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Review

Wild Felids Blood Group System

1
Department of Veterinary Sciences, University of Trás-os-Montes and Alto Douro (UTAD), Quinta de Prados, 5000-801 Vila Real, Portugal
2
Animal and Veterinary Research Centre (CECAV), University of Trás-os-Montes and Alto Douro (UTAD), Quinta de Prados, 5000-801 Vila Real, Portugal
3
Department de Medicinia i Cirurgia Animals, Facultat de Veterinària, Universititat Autònoma de Barcelona, Bellaterra, 08193 Barcelona, Spain
*
Author to whom correspondence should be addressed.
Academic Editor: Adrienne E. Crosier
Animals 2021, 11(12), 3533; https://doi.org/10.3390/ani11123533
Received: 9 November 2021 / Revised: 3 December 2021 / Accepted: 7 December 2021 / Published: 11 December 2021
(This article belongs to the Section Wildlife)
The AB blood group system has been identified in wild felids, as well as in the domestic cat. In both, type A blood seems to be the most common, although the majority of wild felid species exhibit one single blood type, showing that there seems to be variation between species, but not within species, and no evidence of geographical variation was yet found, showing apparently no genetic variability. Further studies are necessary to determine the clinical relevance of the AB blood group on wild felids. This manuscript makes a complete and comprehensive review of the knowledge on wild felids blood groups and transfusion medicine.
Wild felids and domestic cats share the AB blood group. However, there have been few studies regarding the characterization and prevalence of the different blood types in wild animals. The erythrocyte membrane glycolipids of the wild cats correspond to the major disialoganglioside patterns observed in domestic cats. Like in domestic cats, type A blood seems to be the most common, although wild felid species seem to exhibit one single blood type. Of the species studied, the wild domestic cats, and the Panthera and ocelot lineages, all had type A blood; the Puma lineage showed almost exclusively type B blood. The prevalence of wild felids blood types show that there seems to be variation between species, but not within species, and no evidence of geographical variation has yet been found, showing apparently no genetic variability. The presence of alloantibodies has also been demonstrated, so the risk of life-threatening transfusion reactions due to mismatched transfusions and neonatal isoerythrolysis is a possibility. Like in other species, the recognition of wild felids blood groups is clinically relevant, as it can also be important in establishing phylogenetic relationships within the Felidae family. We will review the current knowledge on this topic and give insights into the wild felids blood groups potential for zoo transfusion medicine and phylogenetic studies in order to help support reintroduction projects and to preserve genetic diversity. View Full-Text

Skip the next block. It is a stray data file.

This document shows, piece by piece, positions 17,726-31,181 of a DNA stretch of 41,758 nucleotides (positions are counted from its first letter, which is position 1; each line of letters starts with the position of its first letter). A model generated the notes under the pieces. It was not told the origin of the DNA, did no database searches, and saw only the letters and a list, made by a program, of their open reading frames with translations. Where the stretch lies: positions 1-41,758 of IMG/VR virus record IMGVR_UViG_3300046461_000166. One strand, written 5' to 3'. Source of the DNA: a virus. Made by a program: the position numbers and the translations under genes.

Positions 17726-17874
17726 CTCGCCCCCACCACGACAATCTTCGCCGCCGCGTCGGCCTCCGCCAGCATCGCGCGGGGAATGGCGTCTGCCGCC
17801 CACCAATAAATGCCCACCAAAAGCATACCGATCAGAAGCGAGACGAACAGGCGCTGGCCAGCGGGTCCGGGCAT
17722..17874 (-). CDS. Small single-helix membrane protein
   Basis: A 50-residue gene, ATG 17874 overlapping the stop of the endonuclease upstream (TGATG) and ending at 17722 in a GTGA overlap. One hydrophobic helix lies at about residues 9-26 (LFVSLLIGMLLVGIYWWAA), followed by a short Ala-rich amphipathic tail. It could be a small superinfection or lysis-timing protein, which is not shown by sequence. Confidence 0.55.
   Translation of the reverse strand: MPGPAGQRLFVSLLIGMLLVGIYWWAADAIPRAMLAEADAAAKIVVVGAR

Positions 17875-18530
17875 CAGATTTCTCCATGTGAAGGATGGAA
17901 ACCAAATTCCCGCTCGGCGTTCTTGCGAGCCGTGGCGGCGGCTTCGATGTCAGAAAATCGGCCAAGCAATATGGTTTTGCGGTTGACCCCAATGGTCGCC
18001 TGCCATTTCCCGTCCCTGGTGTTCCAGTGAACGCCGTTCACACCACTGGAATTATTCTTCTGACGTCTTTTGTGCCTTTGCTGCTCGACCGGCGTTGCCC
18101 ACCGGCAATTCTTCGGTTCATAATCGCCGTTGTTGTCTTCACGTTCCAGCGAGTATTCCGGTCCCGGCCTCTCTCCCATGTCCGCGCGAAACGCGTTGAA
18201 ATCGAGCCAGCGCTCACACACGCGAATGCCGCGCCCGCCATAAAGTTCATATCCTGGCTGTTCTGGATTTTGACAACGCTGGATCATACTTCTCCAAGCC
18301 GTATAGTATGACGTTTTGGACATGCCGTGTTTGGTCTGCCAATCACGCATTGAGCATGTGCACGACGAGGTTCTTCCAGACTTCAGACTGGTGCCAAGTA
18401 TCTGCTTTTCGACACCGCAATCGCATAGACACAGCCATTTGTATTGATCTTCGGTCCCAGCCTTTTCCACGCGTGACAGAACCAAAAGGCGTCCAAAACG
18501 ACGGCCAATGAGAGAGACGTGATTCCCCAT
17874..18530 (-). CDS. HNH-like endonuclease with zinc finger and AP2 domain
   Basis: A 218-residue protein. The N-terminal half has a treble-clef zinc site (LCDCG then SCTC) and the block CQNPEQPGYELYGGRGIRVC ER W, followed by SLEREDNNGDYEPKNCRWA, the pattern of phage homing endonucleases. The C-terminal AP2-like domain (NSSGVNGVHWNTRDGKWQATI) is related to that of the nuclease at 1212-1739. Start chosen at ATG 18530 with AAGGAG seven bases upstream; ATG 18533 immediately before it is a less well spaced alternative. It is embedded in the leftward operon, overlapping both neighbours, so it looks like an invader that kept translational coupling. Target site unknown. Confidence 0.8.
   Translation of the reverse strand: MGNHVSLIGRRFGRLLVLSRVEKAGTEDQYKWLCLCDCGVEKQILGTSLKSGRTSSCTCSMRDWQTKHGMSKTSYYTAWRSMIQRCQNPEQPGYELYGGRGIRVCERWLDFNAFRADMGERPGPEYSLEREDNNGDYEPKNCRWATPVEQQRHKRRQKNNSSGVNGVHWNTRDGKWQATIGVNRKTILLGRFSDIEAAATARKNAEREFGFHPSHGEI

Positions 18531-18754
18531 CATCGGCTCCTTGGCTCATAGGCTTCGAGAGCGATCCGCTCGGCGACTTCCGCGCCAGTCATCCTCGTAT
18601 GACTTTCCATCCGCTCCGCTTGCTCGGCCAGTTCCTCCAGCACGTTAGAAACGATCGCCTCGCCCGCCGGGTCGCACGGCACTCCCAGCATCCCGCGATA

Keywords: wild felids; blood type; cat; alloantibody; blood transfusion wild felids; blood type; cat; alloantibody; blood transfusion
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MDPI and ACS Style

Silvestre-Ferreira, A.; Pastor, J. Wild Felids Blood Group System. Animals 2021, 11, 3533. https://doi.org/10.3390/ani11123533

AMA Style

Silvestre-Ferreira A, Pastor J. Wild Felids Blood Group System. Animals. 2021; 11(12):3533. https://doi.org/10.3390/ani11123533

Chicago/Turabian Style

Silvestre-Ferreira, Ana, and Josep Pastor. 2021. "Wild Felids Blood Group System" Animals 11, no. 12: 3533. https://doi.org/10.3390/ani11123533

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